On 3 April 1982 British Prime Minister Margaret Thatcher announced that Argentine armed forces had landed on British sovereign territory; had captured the men of Royal Marine detachment NP8901; had run up the Argentine flag; and had declared the islands and their population to be Argentine. An immediate response was required and a task force was rapidly assembled to retake the islands. From this point until the Argentine surrender on 14 June, the British forces fought what was in many ways a 19th-century style colonial campaign at the end of extended supply lines some 8,000 miles from home. This volume will detail the major stages of the land campaign to retake the islands, focusing on the San Carlos landings, the battle for Darwin and Goose Green, and the final battles for Mt Longdon, Tumbledown and Wireless Ridge, the mountains that surrounded the island’s capital, Stanley.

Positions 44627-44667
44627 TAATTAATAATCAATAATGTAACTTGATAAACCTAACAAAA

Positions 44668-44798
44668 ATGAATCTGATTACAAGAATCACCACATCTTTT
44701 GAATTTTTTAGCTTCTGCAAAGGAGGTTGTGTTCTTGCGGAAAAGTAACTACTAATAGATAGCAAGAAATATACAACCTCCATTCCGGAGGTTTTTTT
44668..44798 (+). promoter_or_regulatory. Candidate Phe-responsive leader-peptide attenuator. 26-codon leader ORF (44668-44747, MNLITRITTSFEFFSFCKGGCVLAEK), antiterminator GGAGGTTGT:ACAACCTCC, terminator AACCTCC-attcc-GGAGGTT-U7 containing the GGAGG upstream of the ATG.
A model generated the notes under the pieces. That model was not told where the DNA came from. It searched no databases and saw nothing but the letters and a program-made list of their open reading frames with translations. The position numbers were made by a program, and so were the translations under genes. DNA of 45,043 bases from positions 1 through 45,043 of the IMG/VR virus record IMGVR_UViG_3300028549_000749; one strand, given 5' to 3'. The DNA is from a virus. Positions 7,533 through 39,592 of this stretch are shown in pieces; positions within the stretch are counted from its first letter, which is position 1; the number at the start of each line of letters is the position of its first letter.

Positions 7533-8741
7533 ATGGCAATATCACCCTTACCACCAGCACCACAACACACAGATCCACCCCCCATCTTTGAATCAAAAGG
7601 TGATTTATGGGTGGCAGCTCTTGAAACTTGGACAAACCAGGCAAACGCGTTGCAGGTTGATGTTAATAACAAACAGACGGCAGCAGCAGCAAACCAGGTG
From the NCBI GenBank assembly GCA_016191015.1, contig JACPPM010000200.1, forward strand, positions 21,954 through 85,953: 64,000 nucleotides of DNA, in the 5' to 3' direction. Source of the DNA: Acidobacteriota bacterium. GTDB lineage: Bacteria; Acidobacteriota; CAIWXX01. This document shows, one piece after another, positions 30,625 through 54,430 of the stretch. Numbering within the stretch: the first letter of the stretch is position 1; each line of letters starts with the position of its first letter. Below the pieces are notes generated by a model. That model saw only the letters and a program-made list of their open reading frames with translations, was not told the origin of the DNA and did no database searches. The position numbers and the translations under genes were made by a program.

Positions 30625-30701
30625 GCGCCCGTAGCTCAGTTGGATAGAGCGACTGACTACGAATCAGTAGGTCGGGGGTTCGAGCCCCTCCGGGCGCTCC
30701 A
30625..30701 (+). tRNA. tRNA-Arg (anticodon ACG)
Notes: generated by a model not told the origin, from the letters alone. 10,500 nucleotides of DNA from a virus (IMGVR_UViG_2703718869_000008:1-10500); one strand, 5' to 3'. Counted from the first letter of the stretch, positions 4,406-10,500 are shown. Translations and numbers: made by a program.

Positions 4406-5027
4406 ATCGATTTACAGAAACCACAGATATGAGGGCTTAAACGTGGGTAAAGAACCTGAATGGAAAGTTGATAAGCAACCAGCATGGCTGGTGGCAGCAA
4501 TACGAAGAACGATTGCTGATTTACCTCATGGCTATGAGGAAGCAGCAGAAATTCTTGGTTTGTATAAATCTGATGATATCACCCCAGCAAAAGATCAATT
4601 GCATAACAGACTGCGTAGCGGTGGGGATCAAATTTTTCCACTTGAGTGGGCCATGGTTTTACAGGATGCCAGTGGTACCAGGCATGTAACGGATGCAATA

May 2012; 96 pages; ISBN: 9781849086073
- 7,2 MB
- 17 paź 12 10:30
The fighting around the town of Demyansk was one of the longest encirclement battles on the Eastern Front during World War II, stretching from February 1942 to February 1943. Originally, the German 16. Armee occupied Demyansk in the autumn of 1941 because it was key terrain that would be used as a springboard for an eventual offensive into the Valdai Hills. Instead, the Soviet winter counteroffensive in February 1942 encircled the German II Armeekorps and other units, inside the Demyansk Pocket. Yet despite severe pounding from five Soviet armies, the embattled German troops held the pocket and the Luftwaffe organized a major aerial resupply effort to sustain the defenders. For the first time in military history, an army was supplied entirely by air. In February 1943, Marshal Timoshenko was ordered to launch an offensive to cut off the base of the salient and annihilate the 12 divisions. At the same time, Hitler finally came to his senses after the Stalingrad debacle and authorized the 16. Armee to withdraw from the pocket. This volume will conclude with the drama of a German Army-sized withdrawal under fire in winter, under attack from three sides.